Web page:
Predicting candidate support in primaries is incredibly difficult. In general elections, party registration and a precinct’s historical voting behavior offer a reliable guide for individual support, but primaries have little such structure. The candidates are ideologically similar, few self-evident demographic distinctions separate their coalitions, and historical precedents are usually too messy to be helpful. Particularly in Iowa, where Republican caucus turnout had always been under 100,000—and the state party will sell a list of those past attendees to candidates for $35,000—campaigns have traditionally set out to identify the entire universe of likely caucus-goers and ask them individually whom they support and what they care about.
In the spring of 2007, Meyers and Gage commissioned a large-sample survey of Iowa Republicans to match voter attributes with topical political opinions so that algorithms could look for unexpected relationships between them. At the time, Romney wasn’t well-known, so the campaign saw plenty of room to grow the candidate’s support. To find promising targets among the uncommitted, voters in the polling sample were asked for the issue that most concerned them. Romney’s advisers then cherry-picked a few issues that spoke either to one of their strengths or to an opponent’s weakness—jobs and the economy on one hand, gay marriage or guns on the other—to create a statistical profile of the voters who shared those concerns. Then algorithms searched an Iowa database TargetPoint had built to pick out other voters in the state who shared a common profile and appeared targetable on those same issues.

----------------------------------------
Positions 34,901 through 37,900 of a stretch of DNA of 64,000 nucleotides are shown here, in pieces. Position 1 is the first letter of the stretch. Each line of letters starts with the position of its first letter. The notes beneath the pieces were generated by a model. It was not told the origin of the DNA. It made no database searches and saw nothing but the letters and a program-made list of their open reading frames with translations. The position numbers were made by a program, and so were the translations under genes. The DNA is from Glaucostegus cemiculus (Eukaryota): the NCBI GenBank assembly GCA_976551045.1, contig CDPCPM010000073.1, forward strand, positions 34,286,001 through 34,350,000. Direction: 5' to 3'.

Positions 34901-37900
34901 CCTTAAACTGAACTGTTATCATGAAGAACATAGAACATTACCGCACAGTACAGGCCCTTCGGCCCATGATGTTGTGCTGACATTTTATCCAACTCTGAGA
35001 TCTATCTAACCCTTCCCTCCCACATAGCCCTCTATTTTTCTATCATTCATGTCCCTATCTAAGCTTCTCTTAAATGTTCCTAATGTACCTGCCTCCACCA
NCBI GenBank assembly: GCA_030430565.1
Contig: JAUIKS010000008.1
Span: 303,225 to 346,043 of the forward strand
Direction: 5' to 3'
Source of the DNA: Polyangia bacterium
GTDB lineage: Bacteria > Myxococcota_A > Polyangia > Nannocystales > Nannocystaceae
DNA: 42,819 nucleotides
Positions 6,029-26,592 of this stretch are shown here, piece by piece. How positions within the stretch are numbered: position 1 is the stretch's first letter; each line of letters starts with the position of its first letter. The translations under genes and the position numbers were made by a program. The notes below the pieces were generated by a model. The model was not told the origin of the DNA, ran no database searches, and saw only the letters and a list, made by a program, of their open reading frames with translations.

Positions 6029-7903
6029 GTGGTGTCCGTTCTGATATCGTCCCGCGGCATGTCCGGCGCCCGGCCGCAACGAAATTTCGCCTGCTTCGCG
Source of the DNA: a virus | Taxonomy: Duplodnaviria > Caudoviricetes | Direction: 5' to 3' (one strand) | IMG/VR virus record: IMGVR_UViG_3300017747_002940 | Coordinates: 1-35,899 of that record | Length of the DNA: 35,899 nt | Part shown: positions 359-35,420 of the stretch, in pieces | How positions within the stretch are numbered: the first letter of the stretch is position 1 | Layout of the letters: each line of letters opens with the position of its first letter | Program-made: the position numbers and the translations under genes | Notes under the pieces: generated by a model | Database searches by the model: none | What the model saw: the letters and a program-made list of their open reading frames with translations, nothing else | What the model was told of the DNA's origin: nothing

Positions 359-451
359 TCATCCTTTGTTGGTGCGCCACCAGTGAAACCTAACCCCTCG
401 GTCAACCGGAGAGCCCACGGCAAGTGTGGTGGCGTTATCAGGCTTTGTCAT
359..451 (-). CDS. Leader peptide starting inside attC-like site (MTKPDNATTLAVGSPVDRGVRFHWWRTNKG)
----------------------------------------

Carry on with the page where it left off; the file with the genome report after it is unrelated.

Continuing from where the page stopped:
With the idea that a win in Iowa would propel him on to victory in New Hampshire, Romney had built a formidable machine in the state to count voters. The campaign hired consultants and 10 regional field directors, who identified their most active volunteers and bestowed upon them official campaign titles and stipends of $500 per month. “People in Iowa were starting to get paid for things they were used to doing for free,” says David Roederer, a state official who chaired John McCain’s Iowa campaign in 2008 and remained neutral this time.
Romney’s Iowa staff triaged the electorate based on their micro-targeting research. Republicans who showed no interest in caucusing—or looked unlikely to back their candidate—were pushed off Romney’s lists for good. Those who appeared persuadable received flights of mail and phone calls on the issues they were predicted to care about. Those who declared themselves Romney supporters were offered a trip to the Ames straw poll in August.
Romney’s staff presided over an aggressive effort to both monitor the supporters and keep nudging the persuadables. Field organizers managed phone banks where volunteers would place calls to identify voters’ leanings (known as ID calls), registering the results onto bubble sheets by hand and then scanning them digitally. Volunteers would patrol the doors of Romney’s events to ensure attendees filled out cards identifying them as supporters. All of that information was fed back into TargetPoint’s databases to refine the quality of its predictions. When Meyers and Gage conducted another round of survey calls in the fall, they found a growing base of Romney supporters. The microtargeting algorithms picked out other Iowans who looked like those supporters, generating new lists of promising targets for volunteers to call.